The novel requires an accumulation of time, a succession of different days: without that, it isn’t a novel. What has been written one day must be affirmed the next, not by going back to correct it (which is futile) but by pressing on, supplying the sense that was lacking by advancing resolutely. This seems magical, but in fact it’s how everything works; living, for a start. In this respect, which is fundamental, the novel defeats the law of diminishing returns, reformulating it and turning it to advantage.
Since Aira writes only a few pages a day and spends a lot of time and pulls his materials out of what is already written, he doesn’t fit into the old “pantser vs planner” binary. Aira is both planning and flying-by-the-seat of his pants simultaneously. As with every method, there are benefits and drawbacks. The Aira method is unlikely to produce a long, complex, and carefully-honed tome. But it is great at producing strange and surprising novellas. His method provides an inherent unpredictability to his novels that is refreshing in an age when so many books seem to telegraph their plots from page one.
Aira’s method might be ideal for the kind of writer who is paralyzed by the infinite choices in front of them. Every text has infinite paths and if you don’t close some down, they continue to branch off forever. As a creative writing professor, I’ve often talked to students who are paralyzed by the different ways their manuscript can go. Should they switch from first person to third? Second person? Should they add a magical realist element? Have multiple narrators? Add in a frame? Delete a frame? Etc. They might revise their opening pages dozens of times while never getting beyond them.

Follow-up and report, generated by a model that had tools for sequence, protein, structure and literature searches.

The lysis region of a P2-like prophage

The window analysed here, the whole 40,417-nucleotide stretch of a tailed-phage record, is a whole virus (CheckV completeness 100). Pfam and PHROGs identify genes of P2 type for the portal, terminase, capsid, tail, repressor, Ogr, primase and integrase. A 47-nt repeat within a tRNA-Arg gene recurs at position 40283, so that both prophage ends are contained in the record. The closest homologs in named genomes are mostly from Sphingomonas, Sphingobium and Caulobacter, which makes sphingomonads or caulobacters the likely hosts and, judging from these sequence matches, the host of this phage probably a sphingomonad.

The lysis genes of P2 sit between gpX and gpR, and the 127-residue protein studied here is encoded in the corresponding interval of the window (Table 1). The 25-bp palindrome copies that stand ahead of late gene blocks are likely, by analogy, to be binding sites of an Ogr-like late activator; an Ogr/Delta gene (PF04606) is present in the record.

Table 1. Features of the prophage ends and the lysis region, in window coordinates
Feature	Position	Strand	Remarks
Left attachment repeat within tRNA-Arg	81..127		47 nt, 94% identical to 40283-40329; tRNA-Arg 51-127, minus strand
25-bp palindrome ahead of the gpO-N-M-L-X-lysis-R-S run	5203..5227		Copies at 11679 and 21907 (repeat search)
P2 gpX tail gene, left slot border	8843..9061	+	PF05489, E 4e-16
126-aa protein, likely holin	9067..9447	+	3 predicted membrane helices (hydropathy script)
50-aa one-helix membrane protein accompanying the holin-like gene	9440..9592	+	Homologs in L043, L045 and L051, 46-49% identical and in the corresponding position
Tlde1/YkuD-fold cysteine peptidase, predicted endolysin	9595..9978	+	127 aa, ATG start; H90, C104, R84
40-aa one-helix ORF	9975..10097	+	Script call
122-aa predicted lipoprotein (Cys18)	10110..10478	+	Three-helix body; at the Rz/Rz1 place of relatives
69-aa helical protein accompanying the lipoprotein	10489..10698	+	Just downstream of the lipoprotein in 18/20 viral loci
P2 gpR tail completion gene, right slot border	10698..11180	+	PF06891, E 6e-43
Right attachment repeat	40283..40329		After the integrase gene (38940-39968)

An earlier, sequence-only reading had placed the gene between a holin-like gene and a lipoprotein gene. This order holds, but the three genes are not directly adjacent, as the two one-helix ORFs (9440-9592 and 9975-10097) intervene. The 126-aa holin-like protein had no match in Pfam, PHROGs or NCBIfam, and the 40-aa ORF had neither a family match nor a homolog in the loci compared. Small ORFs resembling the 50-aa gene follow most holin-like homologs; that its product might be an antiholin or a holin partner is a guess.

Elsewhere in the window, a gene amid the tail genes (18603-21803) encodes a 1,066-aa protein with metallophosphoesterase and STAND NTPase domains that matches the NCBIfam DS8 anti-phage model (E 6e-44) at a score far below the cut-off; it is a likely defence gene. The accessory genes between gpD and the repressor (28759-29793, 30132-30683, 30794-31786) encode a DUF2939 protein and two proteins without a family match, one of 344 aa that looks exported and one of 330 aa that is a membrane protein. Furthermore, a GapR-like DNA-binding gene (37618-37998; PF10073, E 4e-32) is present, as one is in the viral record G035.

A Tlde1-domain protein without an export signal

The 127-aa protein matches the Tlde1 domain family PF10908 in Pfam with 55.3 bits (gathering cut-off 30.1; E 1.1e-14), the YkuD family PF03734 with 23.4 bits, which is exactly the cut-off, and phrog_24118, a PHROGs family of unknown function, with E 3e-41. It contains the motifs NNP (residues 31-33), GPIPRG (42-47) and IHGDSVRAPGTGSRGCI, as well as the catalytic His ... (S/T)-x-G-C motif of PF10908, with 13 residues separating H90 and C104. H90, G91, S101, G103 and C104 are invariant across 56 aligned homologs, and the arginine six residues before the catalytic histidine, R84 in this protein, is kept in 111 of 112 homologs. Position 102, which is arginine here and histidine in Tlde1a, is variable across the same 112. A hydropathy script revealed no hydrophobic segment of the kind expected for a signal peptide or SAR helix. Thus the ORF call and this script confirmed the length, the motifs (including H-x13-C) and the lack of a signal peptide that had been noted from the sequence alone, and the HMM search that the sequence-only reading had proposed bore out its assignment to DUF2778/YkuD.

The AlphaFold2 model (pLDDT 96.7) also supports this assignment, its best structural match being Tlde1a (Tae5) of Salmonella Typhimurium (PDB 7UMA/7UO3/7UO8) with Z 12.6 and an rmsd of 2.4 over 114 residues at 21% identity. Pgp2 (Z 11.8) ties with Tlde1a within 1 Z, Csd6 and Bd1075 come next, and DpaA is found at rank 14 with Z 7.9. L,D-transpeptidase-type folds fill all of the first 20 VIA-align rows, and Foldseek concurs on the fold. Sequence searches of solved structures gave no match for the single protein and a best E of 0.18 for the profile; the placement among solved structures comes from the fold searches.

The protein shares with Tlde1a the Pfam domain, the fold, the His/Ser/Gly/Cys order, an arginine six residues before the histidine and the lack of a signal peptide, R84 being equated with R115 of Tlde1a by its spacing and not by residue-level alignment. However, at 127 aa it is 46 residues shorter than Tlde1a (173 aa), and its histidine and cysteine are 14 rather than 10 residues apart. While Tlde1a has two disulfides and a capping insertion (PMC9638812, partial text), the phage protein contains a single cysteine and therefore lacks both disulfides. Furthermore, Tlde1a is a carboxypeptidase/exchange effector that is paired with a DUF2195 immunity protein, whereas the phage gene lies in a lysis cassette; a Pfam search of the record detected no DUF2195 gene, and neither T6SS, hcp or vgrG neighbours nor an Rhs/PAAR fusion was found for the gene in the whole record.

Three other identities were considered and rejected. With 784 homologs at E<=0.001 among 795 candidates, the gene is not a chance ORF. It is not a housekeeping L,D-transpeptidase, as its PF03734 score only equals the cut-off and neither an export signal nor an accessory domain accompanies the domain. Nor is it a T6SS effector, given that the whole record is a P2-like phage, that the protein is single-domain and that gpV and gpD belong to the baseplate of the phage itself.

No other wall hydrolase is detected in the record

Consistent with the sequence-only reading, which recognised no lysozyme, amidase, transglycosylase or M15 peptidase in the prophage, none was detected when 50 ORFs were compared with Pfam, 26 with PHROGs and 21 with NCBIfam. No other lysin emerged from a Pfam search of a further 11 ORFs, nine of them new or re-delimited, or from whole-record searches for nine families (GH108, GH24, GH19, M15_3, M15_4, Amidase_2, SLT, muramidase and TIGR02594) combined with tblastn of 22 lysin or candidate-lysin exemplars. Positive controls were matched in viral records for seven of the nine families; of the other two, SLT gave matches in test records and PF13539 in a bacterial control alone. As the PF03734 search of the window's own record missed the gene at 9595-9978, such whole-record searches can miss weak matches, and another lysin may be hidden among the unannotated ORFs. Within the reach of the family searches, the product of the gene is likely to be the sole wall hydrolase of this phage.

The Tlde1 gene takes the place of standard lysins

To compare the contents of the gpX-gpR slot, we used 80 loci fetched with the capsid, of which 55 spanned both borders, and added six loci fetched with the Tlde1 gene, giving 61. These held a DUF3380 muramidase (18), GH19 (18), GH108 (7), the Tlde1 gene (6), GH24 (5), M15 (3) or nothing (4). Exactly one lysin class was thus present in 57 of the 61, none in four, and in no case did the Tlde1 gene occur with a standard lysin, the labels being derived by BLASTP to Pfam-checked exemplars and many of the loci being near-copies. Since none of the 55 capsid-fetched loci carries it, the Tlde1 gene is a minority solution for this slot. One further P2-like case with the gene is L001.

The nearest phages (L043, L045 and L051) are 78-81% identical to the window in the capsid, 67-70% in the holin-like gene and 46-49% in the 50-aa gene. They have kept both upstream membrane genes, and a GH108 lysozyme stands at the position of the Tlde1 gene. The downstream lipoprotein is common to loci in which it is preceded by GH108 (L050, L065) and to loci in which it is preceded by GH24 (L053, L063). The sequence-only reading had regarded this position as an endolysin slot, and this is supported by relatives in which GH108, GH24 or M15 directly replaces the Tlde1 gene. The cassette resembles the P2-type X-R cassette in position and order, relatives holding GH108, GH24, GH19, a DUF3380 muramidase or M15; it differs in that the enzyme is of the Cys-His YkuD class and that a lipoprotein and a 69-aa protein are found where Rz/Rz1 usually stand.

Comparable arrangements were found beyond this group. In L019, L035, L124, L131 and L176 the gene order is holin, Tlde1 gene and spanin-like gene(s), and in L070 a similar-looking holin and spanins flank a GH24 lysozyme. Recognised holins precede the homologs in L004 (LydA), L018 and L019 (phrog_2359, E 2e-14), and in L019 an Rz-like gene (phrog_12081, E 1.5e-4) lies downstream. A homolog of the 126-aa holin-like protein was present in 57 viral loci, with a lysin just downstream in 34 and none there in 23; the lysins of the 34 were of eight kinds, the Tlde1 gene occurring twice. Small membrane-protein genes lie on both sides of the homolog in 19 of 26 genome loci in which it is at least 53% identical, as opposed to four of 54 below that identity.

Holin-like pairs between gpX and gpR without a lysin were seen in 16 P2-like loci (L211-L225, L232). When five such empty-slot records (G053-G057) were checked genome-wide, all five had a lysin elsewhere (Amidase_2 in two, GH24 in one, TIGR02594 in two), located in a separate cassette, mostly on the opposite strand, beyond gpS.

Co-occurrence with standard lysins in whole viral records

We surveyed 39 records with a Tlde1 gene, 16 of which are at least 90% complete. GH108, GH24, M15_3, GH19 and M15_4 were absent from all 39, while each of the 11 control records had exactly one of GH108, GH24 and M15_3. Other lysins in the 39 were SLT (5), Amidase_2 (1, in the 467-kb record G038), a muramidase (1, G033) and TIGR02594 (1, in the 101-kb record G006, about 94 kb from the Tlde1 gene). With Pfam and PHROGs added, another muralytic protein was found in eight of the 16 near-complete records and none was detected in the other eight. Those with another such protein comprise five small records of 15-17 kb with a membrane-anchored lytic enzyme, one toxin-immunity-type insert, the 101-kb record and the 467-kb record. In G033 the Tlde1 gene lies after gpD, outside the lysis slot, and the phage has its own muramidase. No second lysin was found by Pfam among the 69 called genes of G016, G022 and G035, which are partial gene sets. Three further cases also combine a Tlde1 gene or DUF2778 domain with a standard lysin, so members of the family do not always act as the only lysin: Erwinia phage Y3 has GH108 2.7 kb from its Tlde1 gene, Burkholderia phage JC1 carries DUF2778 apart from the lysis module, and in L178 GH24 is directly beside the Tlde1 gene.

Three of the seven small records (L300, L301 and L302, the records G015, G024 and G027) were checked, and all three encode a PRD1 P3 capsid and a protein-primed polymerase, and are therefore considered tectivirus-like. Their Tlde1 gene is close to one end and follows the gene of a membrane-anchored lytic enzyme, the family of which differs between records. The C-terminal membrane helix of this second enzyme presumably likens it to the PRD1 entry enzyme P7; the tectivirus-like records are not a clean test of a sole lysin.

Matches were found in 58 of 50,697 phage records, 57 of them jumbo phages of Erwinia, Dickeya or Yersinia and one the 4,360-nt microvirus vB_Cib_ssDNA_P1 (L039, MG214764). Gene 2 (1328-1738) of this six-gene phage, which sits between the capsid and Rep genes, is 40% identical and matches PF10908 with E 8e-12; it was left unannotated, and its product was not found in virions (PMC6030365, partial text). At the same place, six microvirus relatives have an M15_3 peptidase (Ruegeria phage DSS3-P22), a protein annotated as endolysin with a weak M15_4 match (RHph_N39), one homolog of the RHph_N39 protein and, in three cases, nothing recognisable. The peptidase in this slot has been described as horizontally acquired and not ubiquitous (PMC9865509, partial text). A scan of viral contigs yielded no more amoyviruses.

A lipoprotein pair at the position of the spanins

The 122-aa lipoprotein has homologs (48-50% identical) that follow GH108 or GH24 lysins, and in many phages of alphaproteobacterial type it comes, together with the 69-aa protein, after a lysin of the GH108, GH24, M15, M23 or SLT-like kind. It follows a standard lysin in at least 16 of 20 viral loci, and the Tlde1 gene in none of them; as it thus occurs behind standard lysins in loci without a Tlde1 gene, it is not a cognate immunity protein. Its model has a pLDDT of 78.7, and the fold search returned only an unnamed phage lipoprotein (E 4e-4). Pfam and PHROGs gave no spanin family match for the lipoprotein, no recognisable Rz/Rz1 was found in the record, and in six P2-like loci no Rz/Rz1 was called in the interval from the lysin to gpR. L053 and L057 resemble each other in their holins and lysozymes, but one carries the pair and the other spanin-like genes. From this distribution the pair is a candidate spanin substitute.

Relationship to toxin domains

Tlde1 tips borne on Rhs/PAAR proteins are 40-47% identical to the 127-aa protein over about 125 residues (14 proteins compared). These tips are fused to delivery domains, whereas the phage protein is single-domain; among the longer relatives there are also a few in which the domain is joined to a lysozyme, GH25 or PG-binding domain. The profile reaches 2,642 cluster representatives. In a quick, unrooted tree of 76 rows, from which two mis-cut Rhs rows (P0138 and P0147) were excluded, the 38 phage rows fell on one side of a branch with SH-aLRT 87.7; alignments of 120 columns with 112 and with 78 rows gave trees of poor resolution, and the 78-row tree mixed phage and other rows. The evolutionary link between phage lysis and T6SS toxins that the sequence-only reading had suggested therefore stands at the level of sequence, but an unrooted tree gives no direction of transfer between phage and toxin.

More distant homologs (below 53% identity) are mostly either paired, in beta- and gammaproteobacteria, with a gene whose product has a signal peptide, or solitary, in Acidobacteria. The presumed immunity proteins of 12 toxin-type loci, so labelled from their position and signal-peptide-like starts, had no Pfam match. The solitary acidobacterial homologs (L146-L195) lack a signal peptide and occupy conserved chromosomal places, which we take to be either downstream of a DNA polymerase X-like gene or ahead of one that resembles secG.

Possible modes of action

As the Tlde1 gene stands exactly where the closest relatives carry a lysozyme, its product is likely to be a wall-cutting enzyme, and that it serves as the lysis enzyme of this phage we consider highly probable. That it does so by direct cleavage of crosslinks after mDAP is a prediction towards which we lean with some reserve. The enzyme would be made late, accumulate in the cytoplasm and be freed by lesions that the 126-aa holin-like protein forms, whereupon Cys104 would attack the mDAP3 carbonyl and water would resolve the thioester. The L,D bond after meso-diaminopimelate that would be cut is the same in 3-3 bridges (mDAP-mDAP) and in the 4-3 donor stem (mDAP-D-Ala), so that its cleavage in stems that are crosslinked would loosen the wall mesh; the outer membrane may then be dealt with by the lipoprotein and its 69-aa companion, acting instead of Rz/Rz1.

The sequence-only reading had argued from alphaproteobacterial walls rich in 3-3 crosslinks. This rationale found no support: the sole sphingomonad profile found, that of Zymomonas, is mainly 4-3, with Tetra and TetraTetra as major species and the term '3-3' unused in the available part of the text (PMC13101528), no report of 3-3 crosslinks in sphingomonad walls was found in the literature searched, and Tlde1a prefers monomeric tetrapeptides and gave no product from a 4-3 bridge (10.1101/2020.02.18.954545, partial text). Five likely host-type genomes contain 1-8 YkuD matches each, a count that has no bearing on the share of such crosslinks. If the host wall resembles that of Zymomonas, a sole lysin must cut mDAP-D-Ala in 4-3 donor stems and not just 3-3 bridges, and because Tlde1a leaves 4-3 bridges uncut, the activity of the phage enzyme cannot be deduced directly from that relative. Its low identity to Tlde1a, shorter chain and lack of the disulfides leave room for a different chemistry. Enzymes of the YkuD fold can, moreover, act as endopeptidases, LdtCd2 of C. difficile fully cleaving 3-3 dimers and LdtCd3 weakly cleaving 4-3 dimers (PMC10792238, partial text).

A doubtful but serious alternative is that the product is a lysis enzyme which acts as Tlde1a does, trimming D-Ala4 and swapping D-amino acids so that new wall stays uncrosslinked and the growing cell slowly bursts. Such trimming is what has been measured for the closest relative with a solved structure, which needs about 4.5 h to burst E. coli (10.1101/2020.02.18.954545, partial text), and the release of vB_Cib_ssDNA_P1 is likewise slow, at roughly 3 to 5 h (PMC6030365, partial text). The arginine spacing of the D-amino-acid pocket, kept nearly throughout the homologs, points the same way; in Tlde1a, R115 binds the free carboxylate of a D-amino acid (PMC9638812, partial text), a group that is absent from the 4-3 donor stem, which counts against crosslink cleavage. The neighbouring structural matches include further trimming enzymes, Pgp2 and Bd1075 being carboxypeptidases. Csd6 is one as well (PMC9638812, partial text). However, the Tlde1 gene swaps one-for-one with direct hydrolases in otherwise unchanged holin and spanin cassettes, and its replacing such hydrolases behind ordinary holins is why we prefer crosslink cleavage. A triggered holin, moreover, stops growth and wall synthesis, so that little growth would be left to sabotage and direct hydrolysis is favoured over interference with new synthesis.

Aira’s method could be ideal for such writers. You make your initial decisions and stick by them, drawing only from what is already on the page. If you want to try the Aira method, I think you could certainly attempt it with less rigidness. You could (mostly) never revise or use his method to get out a first draft and then feel free to revise and polish. If you’re a writer who is constantly getting stuck in your books, perhaps give this method a try.
Here is Aira in his introduction to The Literary Conference:
In my case nothing returns, everything races forward, savagely being pushed from behind by what keeps coming through that accursed valve. This image, brought to its peak of maturation in my vertiginous reflections, revealed to me the path of the solution, which I forcefully put into practice whenever I have time and feel like it. The solution is none other than the greatly overused (by me) "escape forward.” Since turning back is off limits: Forward! To the bitter end! Running, flying, gliding, using up all the possibilities, the conquest of tranquility through the din of the battlefield. The vehicle is language. What else? Because the valve is language.